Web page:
[guest post by JVW]
I didn’t watch it in full, but as with so many others I did briefly tune in and I have since seen the many snippets on YouTube and other outlets. And I agree with what is emerging as the general consensus: that Lt. Gov. John Fetterman had a dismal night and did nothing to dispel fears that the stroke he suffered back in May has rendered him unable to understand or communicate basic ideas. Thus far he has gotten by with making brief appearances in front of supportive crowds and reading bits and pieces of his stump speech, but when forced to think on his feet and articulate his positions, he’s just not altogether there.
Jim Geraghty at NRO gets to the heart of the matter as to why the Fetterman charade has been allowed to go on this long:
Allow me to offer a controversial theory: A lot of Democratic Party candidates and strategists have bad judgment because they’ve grown used to a usually friendly media bailing them out of the consequences of their bad decisions. In light of last night, the decision-making of Fetterman and his campaign seems absurd — as M[ichael] B[rendan] D[ougherty] aptly summarized, “John Fetterman should not have been on a debate stage tonight. He should be at home, recovering from his stroke.”
[. . .]
A campaign does not attempt to fool people into believing that a severe-stroke victim is fine unless it’s convinced that the overwhelming majority of media in the state will be its ally and abandon their traditional role as watchdogs. The people around Fetterman are off their rockers, stupid, or both.
He points out that the Democrats could have easily moved John Fetterman aside and replaced him with his primary opponent, Representative Connor Lamb. Of course that would have entailed replacing a Sanderesque progressive with a more moderate and traditional Democrat, which would of course have infuriated the left flank of the party. Referring to his colleague Rich Lowry’s op-ed piece in the Washington Post earlier this week which reminded us that Democrats appear to be offering just as many weirdos, flakes, and idiots to the voter this year as the GOP is, he wonders aloud how the donkey party ended up with a slate of candidates as weak as John Fetterman, Katie Hobbs, Mandela Barnes, Robbie O’Rourke, and others, and draws the natural conclusion:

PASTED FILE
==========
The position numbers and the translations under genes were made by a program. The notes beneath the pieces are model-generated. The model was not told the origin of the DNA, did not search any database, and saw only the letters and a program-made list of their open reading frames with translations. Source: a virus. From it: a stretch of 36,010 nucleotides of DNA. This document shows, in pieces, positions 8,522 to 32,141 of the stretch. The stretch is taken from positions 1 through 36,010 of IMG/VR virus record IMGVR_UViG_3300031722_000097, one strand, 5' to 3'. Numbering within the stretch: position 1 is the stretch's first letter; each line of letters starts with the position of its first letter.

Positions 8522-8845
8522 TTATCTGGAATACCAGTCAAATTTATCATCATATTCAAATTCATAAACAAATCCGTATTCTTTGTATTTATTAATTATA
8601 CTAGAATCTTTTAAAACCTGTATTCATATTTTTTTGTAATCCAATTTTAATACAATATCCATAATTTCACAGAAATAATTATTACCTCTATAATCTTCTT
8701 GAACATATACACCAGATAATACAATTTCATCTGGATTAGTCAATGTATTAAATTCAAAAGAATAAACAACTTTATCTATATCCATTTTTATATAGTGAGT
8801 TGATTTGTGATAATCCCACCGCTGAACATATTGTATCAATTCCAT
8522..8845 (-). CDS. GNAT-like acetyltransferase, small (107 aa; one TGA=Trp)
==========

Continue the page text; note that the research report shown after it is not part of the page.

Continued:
I don’t know that Democratic candidates or campaign strategists consciously think, “Oh, we’ll be fine, the media is on our side and will cover for us.” I think they just get used to having the consequences of every mistake and dumb decision mitigated by generous media coverage. They walk around with the wind constantly at their backs, convinced that they are wiser and better at their jobs than they really are. And when that wind at their backs stops blowing, they’re stunned — suddenly everything is much harder.
Maybe it’s just me getting older and grouchier, but it seems every election cycle brings an even greater pastiche of oddballs, nutjobs, malcontents, and sleazebags offering themselves up on our ballot. John Fetterman’s opponent, let’s not forget, is a television doctor and Ivy League academic who has promoted quack medicine schemes, though it seems he also played water polo in college so I will cut him a great deal of slack for that. But overall I find it hard to get excited about the upcoming 118th Congress, no matter which party ends up controlling it. We don’t seem to be doing the republican democracy thing all that well these days.